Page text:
Aquino Won't Identify Advisers, Cites Danger : Voices Fears for Their Safety if Marcos Wins, Says Her Inexperience May Appeal to Voters

January 25, 1986|MARK FINEMAN | Times Staff Writer

MANILA — Presidential candidate Corazon Aquino refused Friday to identify her inner circle of advisers because, she said, she fears that they will be punished if she loses.

She also said her inexperience in politics may help her because Filipinos are tired of being governed by a "consummate politician."

In an interview with The Times, one of very few private interviews she has permitted during her campaign, Aquino said her decision to challenge President Ferdinand E. Marcos in the Feb. 7 presidential election was a reluctant one, but she added that she "will not be dictated to by anyone" now that she has decided to run.

"I am my own person, and in the end I alone make the decision," Aquino said, referring to charges by Marcos and his aides that her dependence on unknown advisers makes her an inexperienced and potentially dangerous candidate.

Aquino confirmed that there is a small group of men and women whom she consults on issues, and she conceded, "I'm really not a politician."

'I Make the Decision'

"I am not an arrogant person. I'm not the type that orders people around. But there are occasions when I have to tell people I am the candidate, and I have to decide this for myself.

"I consult with a lot of people, but I make the decision."

Asked why she will not reveal the names of her close advisers, Aquino said, "They will be open to all kinds of harassment if I lose." She added that the pilots who have been flying her around the country to campaign rallies have already been warned that they will lose their licenses after the election if Marcos wins.

"What if something happens to my advisers?" she said "They told me, 'You can reveal any one of us if you want,' but if something should happen to them, it would be on my conscience," she said.

Aquino added that when her husband, slain opposition leader Benigno S. Aquino Jr., was jailed by Marcos in 1972, "many people suffered simply because they were our friends or maintained ties with us."

To charges by Marcos and other critics that she is unqualified to be president because she lacks political experience, Aquino replied, "Having had Marcos, the consummate politician, for so long may be a blessing. Maybe the people are looking for something different."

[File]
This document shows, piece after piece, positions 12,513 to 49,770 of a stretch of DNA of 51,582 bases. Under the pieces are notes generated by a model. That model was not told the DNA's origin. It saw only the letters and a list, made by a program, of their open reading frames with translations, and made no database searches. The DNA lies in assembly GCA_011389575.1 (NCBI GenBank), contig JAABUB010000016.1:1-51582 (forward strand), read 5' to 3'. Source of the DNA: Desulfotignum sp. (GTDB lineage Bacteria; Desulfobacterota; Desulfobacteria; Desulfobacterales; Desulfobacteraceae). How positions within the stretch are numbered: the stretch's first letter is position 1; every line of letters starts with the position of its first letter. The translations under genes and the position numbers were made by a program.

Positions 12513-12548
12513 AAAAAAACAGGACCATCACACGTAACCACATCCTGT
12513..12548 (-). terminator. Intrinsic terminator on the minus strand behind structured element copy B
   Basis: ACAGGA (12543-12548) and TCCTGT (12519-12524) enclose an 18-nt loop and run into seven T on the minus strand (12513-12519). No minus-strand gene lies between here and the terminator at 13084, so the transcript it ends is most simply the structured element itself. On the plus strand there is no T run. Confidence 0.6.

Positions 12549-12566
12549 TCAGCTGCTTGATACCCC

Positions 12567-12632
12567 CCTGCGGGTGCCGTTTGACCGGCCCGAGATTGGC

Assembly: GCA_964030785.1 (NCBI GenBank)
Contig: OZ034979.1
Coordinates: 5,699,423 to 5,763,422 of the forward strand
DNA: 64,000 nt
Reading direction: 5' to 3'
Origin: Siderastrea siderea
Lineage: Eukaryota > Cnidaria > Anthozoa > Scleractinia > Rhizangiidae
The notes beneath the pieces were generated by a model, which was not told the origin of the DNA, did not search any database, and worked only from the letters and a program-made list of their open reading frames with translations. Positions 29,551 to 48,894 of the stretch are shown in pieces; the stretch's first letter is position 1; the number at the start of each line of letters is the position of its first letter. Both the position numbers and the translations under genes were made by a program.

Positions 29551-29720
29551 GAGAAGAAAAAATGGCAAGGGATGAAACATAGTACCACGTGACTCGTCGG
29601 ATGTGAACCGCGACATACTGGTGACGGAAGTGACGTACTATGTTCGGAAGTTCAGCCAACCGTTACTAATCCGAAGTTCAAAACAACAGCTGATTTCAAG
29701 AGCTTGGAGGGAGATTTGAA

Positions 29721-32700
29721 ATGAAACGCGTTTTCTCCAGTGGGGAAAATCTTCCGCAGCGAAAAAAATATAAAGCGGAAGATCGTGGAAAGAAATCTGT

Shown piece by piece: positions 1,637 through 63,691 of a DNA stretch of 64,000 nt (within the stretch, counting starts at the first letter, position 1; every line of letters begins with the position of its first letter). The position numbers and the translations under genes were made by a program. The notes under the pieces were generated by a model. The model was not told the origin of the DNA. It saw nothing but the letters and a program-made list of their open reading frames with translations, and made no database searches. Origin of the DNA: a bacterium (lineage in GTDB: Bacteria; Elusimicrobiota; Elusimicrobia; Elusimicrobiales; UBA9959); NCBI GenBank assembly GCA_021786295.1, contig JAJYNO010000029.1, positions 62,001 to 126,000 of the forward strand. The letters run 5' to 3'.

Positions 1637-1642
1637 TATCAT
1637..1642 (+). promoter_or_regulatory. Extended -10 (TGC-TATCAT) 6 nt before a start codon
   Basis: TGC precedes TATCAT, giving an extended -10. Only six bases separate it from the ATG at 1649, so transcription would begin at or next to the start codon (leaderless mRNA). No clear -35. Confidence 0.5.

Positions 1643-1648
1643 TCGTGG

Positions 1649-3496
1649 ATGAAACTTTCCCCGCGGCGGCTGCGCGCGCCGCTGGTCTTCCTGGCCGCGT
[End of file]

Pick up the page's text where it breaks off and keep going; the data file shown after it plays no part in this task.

Answers President's Wife

During the 20-minute interview between campaign stops Friday, Aquino also responded to allegations by Marcos' wife, Imelda, that she is "the complete opposite of what a woman should be" in the Philippines because she is running for president.

"She should talk," Aquino said, noting that the First Lady holds the appointed posts of governor of metropolitan Manila and national minister of human settlements. "At least I am doing this legitimately. I am going out and asking people to vote for me. She is a mere appendage of the president."

Aquino conceded that, as a rule, "the primary role" of Filipina women "is in the home. Although we do have quite a number that are very much out there, it's still a very small minority."

She added, though, that she hopes her candidacy will help modernize the lot of Filipina women, whose enormous power within the family traditionally is confined to a behind-the-scenes role, and said that if she wins, "I will credit this to a lot of the women. It is the women who have really come out and forced their husbands to come out with me."

Not 'a Sexist'

And Aquino said that she does not mind that gender has become an issue in the election. "They said that sex was an issue. Well, I hope it still is," she said. "I don't want to be thought of as being sexless. . . . But I do not intend to fight men. I don't want to be a sexist."

Asked whether she thinks that a woman could run an outwardly macho country like the Philippines, Aquino said only, "Let's just wait and see."

Several times during the drive between campaign appearances, Aquino said of her new role in politics, "This isn't me" and "this really isn't my type of thing." But she said her initial reluctance to run dissolved when political leaders convinced her that she was the only candidate who could unify the country's fractious opposition.

"I've psyched myself into thinking I can do this," Aquino said, as a carload of unknown supporters honked their horn, waved signs of support and reached out toward her unmarked van when they recognized her at a stoplight. "Once I decided I would run, I decided I would really give it my all."

Aquino added that, despite the difficulty of the campaign, she feels the presidency will be even more difficult.

"It's been like that my whole life," she said, recalling the hardships of her life with her husband, who first endured 7 1/2 years of solitary confinement, followed by self-exile in the United States and finally assassination.

No Death Fears

"Every time I think, 'this is positively the worst crisis ever,' something even worse happens," she said.

But she added that she has no fears of meeting a fate similar to that of her husband while campaigning so vehemently against the president.

Los Angeles Times Articles